Hydroxyapatite-collagen composites. Part I: can the decrease of the interactions between the two components be a physicochemical component of osteoporosis in aged bone?
ABSTRACT The interactions of Type I acid soluble collagen (Col) with both carbonate-free hydroxyapatite (HA(1100)) and carbonate-rich one (CHA) were investigated. The aim was to ascertain whether the increase of bone CO(3) (2-) with ageing could relate to the disease known as osteoporosis. HA(1100)-Col and CHA-Col composites with various ratios were prepared and examined. Scanning electron microscopy and differential scanning calorimetry showed a stronger adhesion of the Col matrix to the granules of HA(1100) than to those of CHA. FT-IR spectroscopy showed that with HA(1100) both multiple hydrogen bonds of Col peptide -NH groups with HA PO(4) (3-), and electrochemical interactions between Col peptide -C=O groups and HA Ca(2+) were present. In the presence of CO(3) (2-), the interactions between -NH and phosphate were diminished, and Ca(2+) interacted more strongly with CO(3) (2-) than with peptide -C=O, so causing a separation between the two components of the bone extra-cellular matrix. The results obtained strengthen the hypothesis that the substitution of PO(4) (3-) ions by CO(3) (2-) ions in the HA lattice might be a significant component of osteoporosis, although further investigation is needed.
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ABSTRACT: This review examined the literature to spot uses, if any, of physiological solutions/media for the in situ synthesis of calcium phosphates (CaP) under processing conditions (i.e., temperature, pH, concentration of inorganic ions present in media) mimicking those prevalent in the human hard tissue environments. There happens to be a variety of aqueous solutions or media developed for different purposes; sometimes they have been named as physiological saline, isotonic solution, cell culture solution, metastable CaP solution, supersaturated calcification solution, simulated body fluid or even dialysate solution (for dialysis patients). Most of the time such solutions were not used as the aqueous medium to perform the biomimetic synthesis of calcium phosphates, and their use was usually limited to the in vitro testing of synthetic biomaterials. The review illustrated that only a limited number of research studies used physiological solutions or media such as Earle's balanced salt solution (EBSS), Bachra et al. solutions, or Tris-buffered simulated body fluid solution having 27 mM HCO3(-) for synthesizing CaP, and these studies consistently reported the formation of X-ray-amorphous CaP nanopowders instead of apatitic CaP or stoichiometric hydroxyapatite (HA, Ca10(PO4)6(OH)2) at 37°C and pH 7.4. By relying on the published articles, this review highlights the significance of the use of aqueous solutions containing 0.8 to 1.5 mM Mg(2+), 22 to 27 mM HCO3(-), 142 to 145 mM Na(+), 5 to 5.8 mM K(+), 103 to 133 mM Cl(-), 1.8 to 3.75 mM Ca(2+), and 0.8 to 1.67 mM HPO4(2-), which essentially mimic the composition and the overall ionic strength of the human extracellular fluid (ECF), in forming the nanospheres of X-ray-amorphous CaP.Acta biomaterialia 12/2013; · 5.68 Impact Factor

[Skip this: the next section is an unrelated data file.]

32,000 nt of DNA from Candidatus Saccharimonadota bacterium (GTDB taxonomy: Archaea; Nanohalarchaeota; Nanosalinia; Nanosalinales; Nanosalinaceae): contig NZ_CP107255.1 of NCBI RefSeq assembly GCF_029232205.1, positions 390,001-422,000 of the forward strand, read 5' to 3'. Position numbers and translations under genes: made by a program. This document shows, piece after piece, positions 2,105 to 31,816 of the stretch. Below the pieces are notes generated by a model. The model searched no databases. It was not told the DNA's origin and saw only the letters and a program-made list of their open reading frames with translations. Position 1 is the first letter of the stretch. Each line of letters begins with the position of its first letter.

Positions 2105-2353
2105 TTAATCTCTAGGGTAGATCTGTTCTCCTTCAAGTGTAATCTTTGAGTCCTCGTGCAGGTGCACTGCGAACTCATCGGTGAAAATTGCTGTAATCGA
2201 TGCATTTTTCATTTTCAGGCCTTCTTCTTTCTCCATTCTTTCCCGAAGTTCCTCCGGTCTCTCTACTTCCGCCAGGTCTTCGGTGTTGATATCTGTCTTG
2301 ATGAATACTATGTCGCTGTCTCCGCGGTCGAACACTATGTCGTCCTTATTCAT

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ABSTRACT: The aim of this work was the morphological, physicochemical, mechanical and biological characterization of a new composite system, based on gelatin, gellan and hydroxyapatite, and mimicking the composition of natural bone. Porous scaffolds were prepared by freeze-drying technique, under three different conditions of freezing. The morphological analysis showed a homogeneous porosity, with well interconnected pores, for the sample which underwent a more rapid freezing. The elastic modulus of the same sample was close to that of the natural bone. The presence of interactions among the components was demonstrated through the physicochemical investigation. In addition, the infrared chemical imaging analysis pointed out the similarity among the composite scaffold and the natural bone, in terms of chemical composition, homogeneity, molecular interactions and structural conformation. Preliminary biological characterization showed a good adhesion and proliferation of human mesenchymal stem cells.Journal of Materials Science Materials in Medicine 11/2011; 23(1):51-61. · 2.14 Impact Factor